Wednesday, 8 August 2012

Fruits of machine vision

Visual search is often touted as being a way to get consumers to research products online while in a store. Moral issues aside, this has never appealed much to me as a model as I reckon that the immediate gratification outweighs any price benefit. However I've now seen a different use of visual product recognition that was stunningly good.

While buying holiday supplies in Carrefour TNL in Nice, I was rather surprised to find that there were no queues at the fuit and veg scales. For those unfamiliar with the process, you have to weigh the produce yourself before heading for the checkouts. Normally this involves a lengthly hunt through the user interface for whatever you were buying, leading to lines building up.

First thing I weighted were green beans - boom, no sooner had I put the bag of beans on the scales than the display offered me green beans as first choice! Next was a bag of flat peaches - again, that was the first choice offered.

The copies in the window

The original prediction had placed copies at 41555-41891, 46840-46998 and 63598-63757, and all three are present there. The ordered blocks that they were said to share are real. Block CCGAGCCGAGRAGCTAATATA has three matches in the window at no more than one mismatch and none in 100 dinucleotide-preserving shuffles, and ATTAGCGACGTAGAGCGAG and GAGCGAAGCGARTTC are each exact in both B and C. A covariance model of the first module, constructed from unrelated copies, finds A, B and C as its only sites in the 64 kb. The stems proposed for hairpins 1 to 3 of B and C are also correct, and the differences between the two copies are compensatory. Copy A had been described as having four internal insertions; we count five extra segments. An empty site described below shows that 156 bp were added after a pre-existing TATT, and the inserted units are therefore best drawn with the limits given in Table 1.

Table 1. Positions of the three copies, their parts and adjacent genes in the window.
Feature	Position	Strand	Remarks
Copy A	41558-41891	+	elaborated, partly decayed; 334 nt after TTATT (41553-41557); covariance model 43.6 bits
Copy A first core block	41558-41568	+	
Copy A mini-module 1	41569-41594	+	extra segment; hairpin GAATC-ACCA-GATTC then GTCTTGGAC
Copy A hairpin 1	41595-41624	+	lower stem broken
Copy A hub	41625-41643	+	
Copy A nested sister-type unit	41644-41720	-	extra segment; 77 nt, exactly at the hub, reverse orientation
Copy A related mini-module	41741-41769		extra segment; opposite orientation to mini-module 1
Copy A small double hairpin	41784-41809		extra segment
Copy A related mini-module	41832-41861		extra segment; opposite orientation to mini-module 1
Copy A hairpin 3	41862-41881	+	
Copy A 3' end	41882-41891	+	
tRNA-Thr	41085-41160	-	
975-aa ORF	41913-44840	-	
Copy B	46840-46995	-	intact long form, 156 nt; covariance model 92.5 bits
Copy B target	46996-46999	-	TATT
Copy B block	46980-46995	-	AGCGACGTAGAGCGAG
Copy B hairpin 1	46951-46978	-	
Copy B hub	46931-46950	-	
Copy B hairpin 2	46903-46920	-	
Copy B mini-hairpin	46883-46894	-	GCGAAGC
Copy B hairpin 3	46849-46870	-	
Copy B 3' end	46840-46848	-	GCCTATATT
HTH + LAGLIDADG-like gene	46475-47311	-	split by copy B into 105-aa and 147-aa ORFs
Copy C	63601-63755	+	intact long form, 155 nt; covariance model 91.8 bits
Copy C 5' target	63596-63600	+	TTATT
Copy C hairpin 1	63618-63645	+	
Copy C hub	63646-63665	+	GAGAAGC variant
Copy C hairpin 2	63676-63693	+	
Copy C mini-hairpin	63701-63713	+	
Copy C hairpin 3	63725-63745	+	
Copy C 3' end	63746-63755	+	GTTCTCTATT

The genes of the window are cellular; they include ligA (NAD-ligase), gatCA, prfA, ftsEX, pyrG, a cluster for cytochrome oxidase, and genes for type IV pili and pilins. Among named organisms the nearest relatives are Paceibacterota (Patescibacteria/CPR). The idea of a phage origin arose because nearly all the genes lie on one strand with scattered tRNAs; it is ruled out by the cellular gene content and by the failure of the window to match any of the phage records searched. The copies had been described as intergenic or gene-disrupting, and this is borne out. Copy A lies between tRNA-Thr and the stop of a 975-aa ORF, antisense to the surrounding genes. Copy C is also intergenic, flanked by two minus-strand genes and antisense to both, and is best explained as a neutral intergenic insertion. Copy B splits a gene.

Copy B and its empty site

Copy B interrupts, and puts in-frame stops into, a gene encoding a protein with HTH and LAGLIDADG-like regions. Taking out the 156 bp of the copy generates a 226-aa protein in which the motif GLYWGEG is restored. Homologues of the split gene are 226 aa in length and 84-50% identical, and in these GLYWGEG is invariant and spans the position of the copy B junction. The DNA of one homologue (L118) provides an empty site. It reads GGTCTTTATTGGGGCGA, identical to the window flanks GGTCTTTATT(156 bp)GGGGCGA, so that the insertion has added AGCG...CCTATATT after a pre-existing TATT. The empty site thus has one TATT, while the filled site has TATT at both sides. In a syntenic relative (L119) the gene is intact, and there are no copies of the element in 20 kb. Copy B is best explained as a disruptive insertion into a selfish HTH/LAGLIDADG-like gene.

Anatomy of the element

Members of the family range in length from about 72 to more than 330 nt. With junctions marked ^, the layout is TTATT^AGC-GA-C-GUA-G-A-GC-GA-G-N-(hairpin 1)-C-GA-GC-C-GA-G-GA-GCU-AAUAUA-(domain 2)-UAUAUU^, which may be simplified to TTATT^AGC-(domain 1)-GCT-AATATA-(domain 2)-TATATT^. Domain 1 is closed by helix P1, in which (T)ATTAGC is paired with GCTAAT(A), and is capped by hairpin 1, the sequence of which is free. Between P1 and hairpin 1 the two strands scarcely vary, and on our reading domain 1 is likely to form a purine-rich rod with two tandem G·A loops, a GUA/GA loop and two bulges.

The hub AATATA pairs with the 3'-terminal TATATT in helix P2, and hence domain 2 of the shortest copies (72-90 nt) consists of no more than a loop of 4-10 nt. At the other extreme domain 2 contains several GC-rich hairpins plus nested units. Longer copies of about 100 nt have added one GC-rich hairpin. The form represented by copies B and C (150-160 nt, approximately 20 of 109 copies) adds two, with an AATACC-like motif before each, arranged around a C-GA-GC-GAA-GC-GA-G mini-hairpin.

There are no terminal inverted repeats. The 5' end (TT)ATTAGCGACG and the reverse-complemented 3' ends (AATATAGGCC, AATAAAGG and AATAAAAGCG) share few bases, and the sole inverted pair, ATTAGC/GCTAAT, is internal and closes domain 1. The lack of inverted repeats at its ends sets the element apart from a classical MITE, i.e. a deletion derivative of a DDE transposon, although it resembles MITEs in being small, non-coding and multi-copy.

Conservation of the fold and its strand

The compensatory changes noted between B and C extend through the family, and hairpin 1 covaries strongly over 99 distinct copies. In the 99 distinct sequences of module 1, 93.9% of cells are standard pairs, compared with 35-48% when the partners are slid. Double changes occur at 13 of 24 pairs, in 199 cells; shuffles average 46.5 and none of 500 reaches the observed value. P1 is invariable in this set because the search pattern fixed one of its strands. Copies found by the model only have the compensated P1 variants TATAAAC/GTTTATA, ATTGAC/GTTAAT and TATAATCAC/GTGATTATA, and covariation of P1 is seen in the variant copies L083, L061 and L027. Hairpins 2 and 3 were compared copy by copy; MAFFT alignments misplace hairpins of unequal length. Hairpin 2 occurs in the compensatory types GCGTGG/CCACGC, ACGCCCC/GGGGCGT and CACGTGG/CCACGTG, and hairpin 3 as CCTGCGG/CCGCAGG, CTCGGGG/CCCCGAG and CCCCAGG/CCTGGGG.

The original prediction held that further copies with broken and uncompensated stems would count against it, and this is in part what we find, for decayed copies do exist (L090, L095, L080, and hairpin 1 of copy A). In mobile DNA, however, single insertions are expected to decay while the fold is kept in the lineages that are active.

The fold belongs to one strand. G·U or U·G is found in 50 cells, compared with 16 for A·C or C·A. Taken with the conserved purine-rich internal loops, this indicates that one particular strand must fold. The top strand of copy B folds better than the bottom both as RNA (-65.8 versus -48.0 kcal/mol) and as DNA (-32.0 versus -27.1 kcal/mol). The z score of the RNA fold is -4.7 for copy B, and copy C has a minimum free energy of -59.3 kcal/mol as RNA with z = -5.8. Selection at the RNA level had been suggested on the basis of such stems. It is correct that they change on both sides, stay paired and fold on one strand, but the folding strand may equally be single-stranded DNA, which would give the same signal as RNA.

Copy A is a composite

Curiosity raised, I looked underneath the screen, and sure enough there is a camera focussed on the scale pan. Clearly there is some very nice software behind the camera as recognising flat peaches through a translucent plastic bag is impressive.

But my next purchase foxed it. The system was unable to identify six Royal Gala apples. Not surprising since they could have been one of several red apple variants all about the same EU-regulated size, but shows there is some way to go. I was taken back to the default menu to hunt through several screens of different types of fruit.

Despite that limitation, I am still deeply impressed by the practicality of the system and the smartness of recognising odd-shaped items through a translucent material. From a retail perspective it is a big step forward towards the holy grail of increasing throughput.

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